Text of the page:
Do you have stretchy skin with an increased range of joint movement? Do you often damage your skin which doesn’t heal well? If yes, you may be suffering from a condition called Ehlers-Danlos Syndrome (EDS). It is a group of inherited connective tissue disorders that affect the skin, joints, and blood vessels. We spoke to Dr Amarnath Reddy B, Consultant In Pain Management, Yashoda Hospitals, Hyderabad, who explained EDS, its symptoms, causes, and management measures.
What is EDS?
“The Ehlers-Danlos Syndrome (EDS) are a group of 13 hereditary connective tissue disorders that affect connective tissue. EDS manifests clinically with hypermobility of joints, skin hyperextensibility, atrophic scarring, and fragility of blood vessels”, said Dr Reddy.
He added, “Each type of EDS has its own set of features with distinct diagnostic criteria. In 2017, 13 subtypes of EDS were classified. Hypermobile EDS (hEDS) is the most common type of EDS by far accounting for about 90% of EDS cases and affects 1 in 5,000 people.”
Symptoms Of EDS
Depending on where EDS affects your connective tissue, you might experience symptoms in your skin, joints, muscles or blood vessels. Dr Reddy listed some of the symptoms as follows:
- Hypermobile joints: Joints easily move beyond the normal range of motion
- Poor wound: Healing, stretchy skin, and bruising
- Delicate skin prone to tearing or bruising, particularly on the forehead and shin.
- Severe skin scarring and the presence of several lumps on the body
- Chronic pain muscle and joint pains
- Constant stiffness and spasms
- Low blood pressure, dizziness and sudden increase in heart rate after standing up
- Migraines and headaches
- Abdominal pains including nausea, heartburn, abdominal cramps alternating diarrhoea and constipation
- Fatigue, anxiety, and poor sleep
Diagnosis Of EDS
The diagnosis of EDS involves a thorough examination of medical history and clinical observation. “Since many individuals with this syndrome lack an identified genetic mutation, healthcare providers typically rely on symptoms and medical history for diagnosis”, added Dr Reddy. This includes:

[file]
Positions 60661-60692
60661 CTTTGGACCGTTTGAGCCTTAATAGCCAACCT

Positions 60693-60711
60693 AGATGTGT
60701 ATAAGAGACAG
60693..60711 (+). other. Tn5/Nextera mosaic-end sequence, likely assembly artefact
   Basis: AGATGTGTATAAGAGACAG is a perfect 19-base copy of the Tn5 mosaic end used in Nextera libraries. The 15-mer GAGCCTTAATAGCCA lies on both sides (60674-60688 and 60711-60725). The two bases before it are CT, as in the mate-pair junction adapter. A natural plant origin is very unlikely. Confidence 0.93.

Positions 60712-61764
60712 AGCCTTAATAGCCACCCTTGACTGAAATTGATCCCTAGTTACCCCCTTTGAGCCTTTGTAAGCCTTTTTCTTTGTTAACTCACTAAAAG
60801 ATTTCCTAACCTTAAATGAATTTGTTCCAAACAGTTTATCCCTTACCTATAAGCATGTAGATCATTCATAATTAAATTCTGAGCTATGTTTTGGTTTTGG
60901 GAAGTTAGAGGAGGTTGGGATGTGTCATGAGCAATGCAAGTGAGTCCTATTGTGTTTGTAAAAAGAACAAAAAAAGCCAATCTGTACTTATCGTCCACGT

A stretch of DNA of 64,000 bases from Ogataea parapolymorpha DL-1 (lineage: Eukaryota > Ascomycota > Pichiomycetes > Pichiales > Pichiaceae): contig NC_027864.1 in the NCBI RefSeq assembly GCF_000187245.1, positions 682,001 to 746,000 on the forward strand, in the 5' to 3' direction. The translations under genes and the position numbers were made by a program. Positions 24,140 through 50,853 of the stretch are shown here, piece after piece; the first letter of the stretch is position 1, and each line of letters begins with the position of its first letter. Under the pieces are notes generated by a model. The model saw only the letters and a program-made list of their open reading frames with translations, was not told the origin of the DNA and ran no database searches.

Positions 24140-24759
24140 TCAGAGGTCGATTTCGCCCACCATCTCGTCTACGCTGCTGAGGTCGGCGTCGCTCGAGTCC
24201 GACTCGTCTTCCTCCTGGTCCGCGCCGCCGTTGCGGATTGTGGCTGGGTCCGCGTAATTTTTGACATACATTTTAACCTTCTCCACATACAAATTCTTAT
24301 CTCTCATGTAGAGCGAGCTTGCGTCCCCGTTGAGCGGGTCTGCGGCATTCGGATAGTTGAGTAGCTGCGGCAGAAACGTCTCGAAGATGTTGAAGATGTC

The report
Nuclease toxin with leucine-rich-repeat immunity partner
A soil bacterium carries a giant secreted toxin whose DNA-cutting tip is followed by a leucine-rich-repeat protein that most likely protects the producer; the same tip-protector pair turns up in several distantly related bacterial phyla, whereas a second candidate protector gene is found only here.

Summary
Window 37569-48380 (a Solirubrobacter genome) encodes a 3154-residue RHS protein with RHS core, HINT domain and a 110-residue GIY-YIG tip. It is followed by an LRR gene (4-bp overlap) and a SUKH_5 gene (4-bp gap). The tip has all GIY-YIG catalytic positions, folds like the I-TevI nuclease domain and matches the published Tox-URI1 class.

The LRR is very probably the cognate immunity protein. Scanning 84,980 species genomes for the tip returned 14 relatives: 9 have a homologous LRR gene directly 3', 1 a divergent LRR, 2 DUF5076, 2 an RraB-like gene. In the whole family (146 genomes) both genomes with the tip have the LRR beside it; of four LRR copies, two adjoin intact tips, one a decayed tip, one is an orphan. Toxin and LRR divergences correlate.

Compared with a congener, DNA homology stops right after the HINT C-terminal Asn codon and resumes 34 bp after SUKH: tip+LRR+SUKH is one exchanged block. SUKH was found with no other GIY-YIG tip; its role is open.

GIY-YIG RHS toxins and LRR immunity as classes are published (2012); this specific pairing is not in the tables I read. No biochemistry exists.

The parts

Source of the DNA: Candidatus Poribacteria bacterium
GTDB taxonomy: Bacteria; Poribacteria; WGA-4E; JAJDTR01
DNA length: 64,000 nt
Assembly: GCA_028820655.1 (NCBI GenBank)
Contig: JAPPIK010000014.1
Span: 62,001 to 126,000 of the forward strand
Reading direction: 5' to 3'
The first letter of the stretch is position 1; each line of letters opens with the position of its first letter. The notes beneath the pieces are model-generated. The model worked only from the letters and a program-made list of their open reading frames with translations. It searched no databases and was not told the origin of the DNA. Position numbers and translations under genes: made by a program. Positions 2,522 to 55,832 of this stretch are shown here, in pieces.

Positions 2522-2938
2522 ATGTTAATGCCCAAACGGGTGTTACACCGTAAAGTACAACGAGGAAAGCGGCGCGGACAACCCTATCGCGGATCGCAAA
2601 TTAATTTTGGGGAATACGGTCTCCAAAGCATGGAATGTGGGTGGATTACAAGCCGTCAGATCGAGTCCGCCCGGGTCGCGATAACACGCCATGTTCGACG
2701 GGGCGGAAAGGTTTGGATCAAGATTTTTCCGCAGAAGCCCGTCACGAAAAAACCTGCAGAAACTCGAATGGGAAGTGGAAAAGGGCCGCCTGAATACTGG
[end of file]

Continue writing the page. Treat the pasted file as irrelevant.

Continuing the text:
- Evaluating joint mobility
- Investigating for unusual scarring
- Testing the skin’s texture and elasticity
Causes Of EDS
Dr Reddy informed, “Various types of EDS are linked to diverse genetic causes, with some being inherited and transmitted from parent to child. There are twelve types of Ehlers-Danlos syndrome with identified genetic causes, and certain types are linked to various genes. The genetic cause(s) of hEDS have not been identified.”
How To Manage EDS
While there is no cure for EDS, treatment can assist in symptom management and the prevention of additional complications. To treat specific symptoms, it also needs the attention of several practitioners.
Dr Reddy listed management measures for EDS as follows:
- Engage in daily exercise, aiming for up to 30 minutes of low-impact physical activity 3-5 days per week
- Avoid contact sports, particularly if there is known joint instability
- Consider activities like Pilates, swimming/water aerobics, and recumbent biking
- Participate in physiotherapy, focusing on exercises that strengthen muscles and stabilise joints as a primary treatment for EDS
- Use braces for additional joint support when needed
- Over-the-counter pain medications as tolerated. Also, avoid daily use of NSAIDS
- In certain cases of EDS, opioids have shown effectiveness in alleviating both acute and chronic pain
Managing Blood Pressure
Blood vessels are more fragile in some types of Ehlers-Danlos syndrome, so keeping your blood pressure low may help reduce stress on them.
Surgery might be advised to address joints that have suffered recurrent dislocations or to repair areas of rupture in blood vessels and organs.[Disclaimer: This article contains information provided by a registered healthcare professional and is for informational purposes only. Hence, we advise you to not substitute this information with medical treatment and consult your expert if you notice any symptoms or complications.]